Scottish Blackface lamb viability records at birth, and postnatal survival from 1 day to 14 days, from 15 days to 120 days and from 121 days to 180 days were used to determine influential factors and to estimate variance components of lamb survival traits. The binary trait viability at birth was analysed using a linear model whereas the postnatal survival traits were analysed as continuous traits using a Weibull model. The data consisted of about 15 000 survival records of lambs born from 1996 to 2005 on two farms in Scotland. The models included fixed factors that had significant effects and random direct and maternal additive genetic effects and maternal litter effects for viability at birth, and sire and maternal litter effects for the postnatal survival traits. The possible effect of maternal behaviour measured around lambing on lamb survival was investigated in separate analyses. Male lambs were found to be at a higher risk of mortality than females during all periods considered. The effect of type of birth and age of dam was more important during the preweaning period than at later ages. The postnatal hazard rate was not significantly affected by the behaviour score of the dams. The genetic merit of dams had more influence on viability at birth than the genetic merit of lambs themselves. Estimates of heritability for postnatal survival traits were in the range of 0.18 to 0.33 and were significantly greater than zero. These results indicate that lamb survival can be improved through farm management practices and genetic selection. Both animal and maternal genetic effects should be considered in breeding programmes for improving viability at birth.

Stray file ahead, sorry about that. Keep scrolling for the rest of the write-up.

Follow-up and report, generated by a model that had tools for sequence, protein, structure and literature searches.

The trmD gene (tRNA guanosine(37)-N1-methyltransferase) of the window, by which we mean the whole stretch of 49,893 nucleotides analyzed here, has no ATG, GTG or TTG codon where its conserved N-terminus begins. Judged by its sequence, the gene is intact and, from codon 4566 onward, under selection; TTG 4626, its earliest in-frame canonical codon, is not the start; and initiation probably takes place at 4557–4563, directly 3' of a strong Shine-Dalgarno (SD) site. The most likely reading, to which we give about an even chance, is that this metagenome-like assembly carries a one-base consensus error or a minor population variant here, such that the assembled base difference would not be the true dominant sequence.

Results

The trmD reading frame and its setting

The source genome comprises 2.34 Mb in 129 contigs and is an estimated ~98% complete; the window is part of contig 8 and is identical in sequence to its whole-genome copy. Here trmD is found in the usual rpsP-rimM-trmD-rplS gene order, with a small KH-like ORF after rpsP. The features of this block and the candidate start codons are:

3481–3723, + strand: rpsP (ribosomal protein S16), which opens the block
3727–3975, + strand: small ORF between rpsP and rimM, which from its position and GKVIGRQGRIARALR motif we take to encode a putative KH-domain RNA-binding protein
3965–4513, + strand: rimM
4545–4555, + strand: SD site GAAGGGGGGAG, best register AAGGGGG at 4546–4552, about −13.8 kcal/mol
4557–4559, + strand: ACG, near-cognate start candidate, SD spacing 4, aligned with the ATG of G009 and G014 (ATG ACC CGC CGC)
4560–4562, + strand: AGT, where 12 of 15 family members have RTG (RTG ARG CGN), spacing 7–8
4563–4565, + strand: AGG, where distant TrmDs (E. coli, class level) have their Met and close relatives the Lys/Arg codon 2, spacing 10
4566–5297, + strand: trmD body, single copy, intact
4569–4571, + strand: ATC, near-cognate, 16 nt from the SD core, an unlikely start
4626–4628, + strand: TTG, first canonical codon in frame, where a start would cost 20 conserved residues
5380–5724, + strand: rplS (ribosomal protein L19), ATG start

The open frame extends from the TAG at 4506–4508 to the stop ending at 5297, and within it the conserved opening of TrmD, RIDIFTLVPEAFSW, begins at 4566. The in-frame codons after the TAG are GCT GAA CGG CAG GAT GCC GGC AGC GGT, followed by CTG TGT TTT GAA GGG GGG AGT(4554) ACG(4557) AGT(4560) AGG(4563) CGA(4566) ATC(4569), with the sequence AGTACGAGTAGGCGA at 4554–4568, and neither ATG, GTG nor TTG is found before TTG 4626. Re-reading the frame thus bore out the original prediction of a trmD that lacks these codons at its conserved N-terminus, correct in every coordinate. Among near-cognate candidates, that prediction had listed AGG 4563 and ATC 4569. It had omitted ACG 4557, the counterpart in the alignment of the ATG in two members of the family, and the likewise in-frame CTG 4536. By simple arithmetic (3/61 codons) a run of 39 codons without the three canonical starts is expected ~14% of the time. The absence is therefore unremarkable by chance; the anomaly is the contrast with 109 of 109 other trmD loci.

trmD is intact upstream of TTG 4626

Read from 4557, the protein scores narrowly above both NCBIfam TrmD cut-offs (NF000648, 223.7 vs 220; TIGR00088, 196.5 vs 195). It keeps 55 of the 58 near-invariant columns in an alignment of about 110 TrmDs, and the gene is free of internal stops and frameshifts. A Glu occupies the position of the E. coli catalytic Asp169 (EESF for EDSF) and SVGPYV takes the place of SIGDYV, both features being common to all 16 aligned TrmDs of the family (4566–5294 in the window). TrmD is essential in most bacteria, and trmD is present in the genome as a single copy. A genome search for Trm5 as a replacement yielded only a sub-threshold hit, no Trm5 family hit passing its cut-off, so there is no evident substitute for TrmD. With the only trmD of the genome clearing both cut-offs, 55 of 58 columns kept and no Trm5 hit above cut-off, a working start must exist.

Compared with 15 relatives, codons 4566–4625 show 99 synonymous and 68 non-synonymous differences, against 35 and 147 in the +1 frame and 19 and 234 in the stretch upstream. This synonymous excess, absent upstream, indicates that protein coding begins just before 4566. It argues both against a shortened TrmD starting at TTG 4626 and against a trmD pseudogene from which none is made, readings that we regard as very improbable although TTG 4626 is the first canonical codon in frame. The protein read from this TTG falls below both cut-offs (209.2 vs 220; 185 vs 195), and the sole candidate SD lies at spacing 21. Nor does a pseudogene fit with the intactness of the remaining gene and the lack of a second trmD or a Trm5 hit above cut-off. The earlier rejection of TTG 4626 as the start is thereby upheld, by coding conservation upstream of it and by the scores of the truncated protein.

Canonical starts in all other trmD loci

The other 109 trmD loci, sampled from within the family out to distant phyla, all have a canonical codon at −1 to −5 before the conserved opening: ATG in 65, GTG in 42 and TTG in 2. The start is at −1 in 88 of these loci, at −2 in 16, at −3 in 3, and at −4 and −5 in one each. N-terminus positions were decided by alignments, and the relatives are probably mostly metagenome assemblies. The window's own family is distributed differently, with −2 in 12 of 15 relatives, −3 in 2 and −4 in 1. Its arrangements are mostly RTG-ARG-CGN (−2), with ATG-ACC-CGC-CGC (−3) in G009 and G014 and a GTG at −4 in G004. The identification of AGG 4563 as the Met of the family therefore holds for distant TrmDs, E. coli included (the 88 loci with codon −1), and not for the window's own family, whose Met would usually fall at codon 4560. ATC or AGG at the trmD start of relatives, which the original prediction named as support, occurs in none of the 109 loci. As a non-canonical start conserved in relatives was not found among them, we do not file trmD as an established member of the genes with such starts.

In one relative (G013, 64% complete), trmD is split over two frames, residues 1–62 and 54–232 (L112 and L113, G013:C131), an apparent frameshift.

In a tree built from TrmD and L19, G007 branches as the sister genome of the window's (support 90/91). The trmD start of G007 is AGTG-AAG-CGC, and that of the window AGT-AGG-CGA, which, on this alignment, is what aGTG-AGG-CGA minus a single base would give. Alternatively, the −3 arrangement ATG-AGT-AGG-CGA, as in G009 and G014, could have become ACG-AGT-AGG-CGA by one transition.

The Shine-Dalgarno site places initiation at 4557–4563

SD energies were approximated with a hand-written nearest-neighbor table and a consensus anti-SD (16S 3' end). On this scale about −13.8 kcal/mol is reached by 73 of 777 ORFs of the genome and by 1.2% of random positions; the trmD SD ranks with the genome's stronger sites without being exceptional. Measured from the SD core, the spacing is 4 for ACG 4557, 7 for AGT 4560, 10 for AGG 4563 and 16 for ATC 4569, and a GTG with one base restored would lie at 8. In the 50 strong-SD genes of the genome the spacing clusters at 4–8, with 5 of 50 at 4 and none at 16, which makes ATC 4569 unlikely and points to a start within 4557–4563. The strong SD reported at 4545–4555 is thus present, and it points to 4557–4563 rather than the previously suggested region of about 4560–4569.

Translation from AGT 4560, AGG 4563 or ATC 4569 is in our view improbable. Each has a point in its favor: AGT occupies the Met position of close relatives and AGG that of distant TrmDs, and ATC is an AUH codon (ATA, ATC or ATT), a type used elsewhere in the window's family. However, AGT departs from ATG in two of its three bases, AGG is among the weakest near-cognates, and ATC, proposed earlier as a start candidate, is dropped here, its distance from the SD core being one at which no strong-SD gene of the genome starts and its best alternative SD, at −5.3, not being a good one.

Gene banks are usually used for storing general genetic variability of endangered living populations but can be also used for storing alleles of a particular locus that are being eradicated through artificial selection programmes. In such scenarios gene banks would allow future re-introduction of one or more of the alleles being eradicated (and the associated diversity) into living populations. Frequencies within the bank for the locus of interest should have pre-determined target values. In this study, an algorithm is derived to obtain the optimal contributions of all candidate donors to achieve the target frequencies of the removed alleles in the bank while maintaining at the same time genetic variability in other loci unlinked to those targeted in the eradication programme. The efficiency of the algorithm is tested using the case of gene banks storing prion protein alleles currently disfavoured in scrapie eradication programmes (i.e., the AHQ, ARH, ARQ and VRQ alleles). Results showed that the algorithm was able to find the combinations of candidate contributions fulfilling different objectives regarding target frequencies and restrictions on coancestry. The most important factors influencing the optimal contributions were the allelic frequencies and the levels of diversity (coancestry) of the living population. Heterozygotes were favoured over homozygous individuals as, for a given number of animals contributing to the bank, the use of heterozygotes leads to lower levels of coancestry. Notwithstanding, almost all donors were sampled when restrictions on the global genetic diversity to be stored were severe.